It turns out shopping for wedding dresses is nothing like they make it appear in the movies. Or at least it hasn't been for me. Angels don't sing. Stars don't explode. Relatives don't cry. There isn't a sudden heart-stopping moment that this is, in fact, "the one." To be honest, I always knew that I wasn't the kind of gal for whom angels would sing or stars would explode but I did think I'd have some kind of moment where I could tell I'd found the best dress. Instead, my mom flew into town and we spent three (yes, three!!) days shopping for dresses, and since then I've been back to the stores we visited -- and I'm more undecided than ever. Tomorrow morning I'll return with my friend Keena to try and tie this business up once and for all. Cross your fingers.
When I was single and living alone in the Bay Area, I made virtually the same thing for dinner each night. I ate meals quickly while in front of the computer. Or even worse: the television. This most often included what I call "Mexican Pizzas" which were basically glorified quesadillas baked in the oven until crispy. Sometimes, if I was really feeling like cooking, I'd whip up a quick stir-fry with frozen vegetables from Trader Joe's or a mushroom frittata using pre-sliced mushrooms. Mostly, though, it was Mexican Pizzas -- a good four or five nights a week. Today, thankfully, dinner looks a lot different. Meals in general look a lot different. How would I explain that difference? I think that ultimately how we feel about our life colors how we choose to feed ourselves and the importance that we place on preparing our own meals.
Today was 75 degrees in Seattle and it seemed the whole city was out and about drinking iced coffee in tank tops and perhaps not working all that hard. When we have a hit of sunshine like this in April (or, really, any time of the year), we're all really good at making excuses to leave the office early -- or, simply, to "work from home." I just got back from LA last night, unpacked in a whirlwind this morning, and took Oliver to meet up with three friends from our parents group at the zoo. The only other time I'd been to the Seattle zoo was once with Sam a few years ago when we arrived thirty minutes before closing and ended up doing a whirlwind tour -- sprinting from the giraffes to the massive brown bear to the meerkat. The visit today was much different: we strolled slowly trying to avoid the spring break crowds and beating sun. I managed to only get one of Oliver's cheeks sunburned, and he even got in a decent nap. A success of an afternoon, I'd say. Coming home I realized we didn't have much in the fridge for lunch -- but thankfully there was a respectable stash of Le Croix (Le Croix season is back!) and a small bowl of this whole grain salad I made right before I left town. It's the kind of salad that's meant for this time of year: it pulls off colorful and fresh despite the fact that much of the true spring and summer produce isn't yet available. And for that reason, I make a few versions of it in early spring, often doubling the recipe so there's always the possibility of having a small bowl at 1 p.m. while the baby naps in the car seat, one cheek sunburned, windows and back door open -- a warm breeze creeping into the kitchen.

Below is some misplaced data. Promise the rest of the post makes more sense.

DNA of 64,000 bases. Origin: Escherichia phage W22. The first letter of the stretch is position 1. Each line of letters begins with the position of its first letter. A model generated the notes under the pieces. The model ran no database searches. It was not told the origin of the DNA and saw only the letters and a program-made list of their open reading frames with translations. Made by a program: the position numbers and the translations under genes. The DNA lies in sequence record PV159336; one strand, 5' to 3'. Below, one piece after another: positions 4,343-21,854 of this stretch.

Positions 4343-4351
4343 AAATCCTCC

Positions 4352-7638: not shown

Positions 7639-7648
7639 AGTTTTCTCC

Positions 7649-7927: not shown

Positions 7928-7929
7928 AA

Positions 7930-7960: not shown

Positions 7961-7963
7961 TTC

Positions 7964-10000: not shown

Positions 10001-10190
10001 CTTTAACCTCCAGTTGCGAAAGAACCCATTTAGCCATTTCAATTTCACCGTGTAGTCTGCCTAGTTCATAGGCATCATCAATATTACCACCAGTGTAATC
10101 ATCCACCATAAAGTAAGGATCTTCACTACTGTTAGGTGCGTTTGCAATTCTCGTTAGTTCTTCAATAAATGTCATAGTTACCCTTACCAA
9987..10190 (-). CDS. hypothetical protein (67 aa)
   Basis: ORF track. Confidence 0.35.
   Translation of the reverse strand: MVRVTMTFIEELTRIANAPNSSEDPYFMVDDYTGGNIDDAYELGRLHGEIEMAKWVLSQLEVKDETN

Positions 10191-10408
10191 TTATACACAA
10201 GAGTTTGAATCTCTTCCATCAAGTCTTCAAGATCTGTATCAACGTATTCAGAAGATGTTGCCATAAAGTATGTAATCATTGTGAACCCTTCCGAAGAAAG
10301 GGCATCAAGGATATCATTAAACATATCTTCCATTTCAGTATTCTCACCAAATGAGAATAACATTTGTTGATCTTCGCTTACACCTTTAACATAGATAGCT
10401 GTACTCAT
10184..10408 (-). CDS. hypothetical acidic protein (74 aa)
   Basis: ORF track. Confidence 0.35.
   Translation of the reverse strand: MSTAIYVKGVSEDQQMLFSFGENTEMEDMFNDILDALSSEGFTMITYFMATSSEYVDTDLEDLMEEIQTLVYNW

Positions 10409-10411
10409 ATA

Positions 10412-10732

On Monday our little family of three is headed to the airport at 6 am to board our first with-baby cross-country trip. We'll be visiting Sam's family in New Jersey for a few days, then renting a car and driving over to meet up with my family at my mom's lake house in the Adirondacks. Sam's younger sister and her kids have yet to meet Oliver; my grandpa has yet to meet him, and Oliver has yet to take a dunk in a lake, see a firefly, or spend quality time with energetic dogs -- of which there will be three. A lot of firsts. This week my family has been madly texting, volunteering to make certain meals or sweets on assigned days while we're at the cabin and it got me thinking about really simple, effortless summer desserts -- in particular, ones that you can make while staying in a house with an unfamiliar kitchen and unfamiliar equipment and still do a pretty bang-up job. I think fruit crisp is just that thing.